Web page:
Preparing for retirement can be a challenge, particularly if you're strapped for cash. Just over a quarter of workers have less than $1,000 stashed away for retirement, according to a report from the Employee Benefit Research Institute, and nearly half have less than $25,000 saved.

Although saving isn't easy, it's crucial to start planning early so you have a better chance of building a strong nest egg by the time you retire. And there's one trick to saving more that very few people are taking advantage of, new research reveals.

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The saving strategy most people aren't using

When you're trying to reach a goal -- financial or otherwise -- it's important to have a plan in place. However, only 16% of workers have a written retirement plan, a report from the Transamerica Center for Retirement Studies and the Aegon Center for Longevity and Retirement revealed.

An additional 42% of workers say they do have a retirement plan, according to the report, but it's not a written plan. While creating a plan in your head is certainly better than having no plan at all, there are some distinct advantages to writing your plan down.

For one, it will hold you accountable. If you simply tell yourself you'll save a certain amount of money each month for retirement, nobody will know if you don't stick to your savings plan. But when you write your goals down and create a written action plan for achieving them, that makes your plan more concrete.

In addition, 63% of those with a written plan say they feel financially stable, according to a survey from Charles Schwab, and the benefits of having a plan spill into other areas of your financial life as well. For instance, 78% of planners are able to pay their bills and save consistently each month, the report found, compared to just 38% of non-planners. Around 68% of planners also have an emergency fund, while just 26% of non-planners have one. And 56% of planners say they feel "very confident" about reaching their financial goals, while just 17% of non-planners feel the same.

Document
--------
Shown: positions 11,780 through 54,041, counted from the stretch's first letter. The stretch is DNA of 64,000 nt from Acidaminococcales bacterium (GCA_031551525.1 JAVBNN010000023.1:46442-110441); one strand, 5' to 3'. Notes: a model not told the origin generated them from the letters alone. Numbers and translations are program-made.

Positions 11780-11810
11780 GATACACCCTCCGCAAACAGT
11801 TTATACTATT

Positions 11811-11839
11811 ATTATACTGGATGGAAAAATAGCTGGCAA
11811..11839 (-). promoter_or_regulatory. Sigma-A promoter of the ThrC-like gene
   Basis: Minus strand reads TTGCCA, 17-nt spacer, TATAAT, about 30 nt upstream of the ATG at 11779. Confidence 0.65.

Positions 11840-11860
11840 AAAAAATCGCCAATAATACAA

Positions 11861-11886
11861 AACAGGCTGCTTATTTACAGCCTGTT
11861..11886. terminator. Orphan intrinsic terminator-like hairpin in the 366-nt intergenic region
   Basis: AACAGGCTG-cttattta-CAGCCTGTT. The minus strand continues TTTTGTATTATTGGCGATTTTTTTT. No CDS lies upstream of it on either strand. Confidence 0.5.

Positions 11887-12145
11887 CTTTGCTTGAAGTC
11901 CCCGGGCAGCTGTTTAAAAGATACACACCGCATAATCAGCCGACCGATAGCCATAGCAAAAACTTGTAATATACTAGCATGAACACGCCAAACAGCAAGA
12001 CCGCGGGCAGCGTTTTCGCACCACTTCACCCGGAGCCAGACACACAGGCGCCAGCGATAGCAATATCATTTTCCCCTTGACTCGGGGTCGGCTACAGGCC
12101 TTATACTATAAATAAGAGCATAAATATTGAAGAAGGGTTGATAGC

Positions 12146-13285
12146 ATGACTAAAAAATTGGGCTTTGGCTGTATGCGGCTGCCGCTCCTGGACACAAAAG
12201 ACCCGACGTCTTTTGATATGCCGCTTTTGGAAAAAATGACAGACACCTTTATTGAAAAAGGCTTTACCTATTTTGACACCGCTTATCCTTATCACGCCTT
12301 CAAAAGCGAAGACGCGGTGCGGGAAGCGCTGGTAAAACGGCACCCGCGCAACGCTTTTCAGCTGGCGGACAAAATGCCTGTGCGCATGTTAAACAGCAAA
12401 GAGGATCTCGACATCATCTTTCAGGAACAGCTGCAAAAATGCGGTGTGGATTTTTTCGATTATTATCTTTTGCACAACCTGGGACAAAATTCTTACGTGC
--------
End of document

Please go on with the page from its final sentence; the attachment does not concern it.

How to create your financial plan

There are plenty of perks in creating a written retirement plan, but how, exactly, do you go about making one?

First, you'll need to establish a goal. If you're saving for retirement, your overarching goal will be the amount you aim to save by the time you retire. To find that number, try plugging your information into a retirement calculator. Be as realistic as possible here, because the more accurate your inputs are, the more accurate your results will be too.

The calculator will also tell you how much you should be saving per month to reach your goal. Be sure to include that number in your written plan, because sticking to your monthly savings target will make it easier to achieve your overarching target. You may need to make some adjustments to your budget to save as much as you should each month, and although these cuts may be painful sometimes, it helps to keep your end goal in mind. You'll likely need to make sacrifices at some point, so if you don't make them now, you may have to make serious financial cuts during retirement.

Saving for retirement may not be your only goal to consider. You may also want to establish an emergency fund, for example, or pay off debt. When you have multiple goals you're trying to achieve simultaneously, it's even more important to have a written plan. When you write down all your goals, how much money you're allocating to each target, and how long you think it will take to reach each goal, you're much more likely to achieve them.

Managing your money isn't always easy, especially when it comes to saving for the future. But by coming up with a plan and writing it down, you're giving yourself the best shot of achieving your goals and retiring comfortably.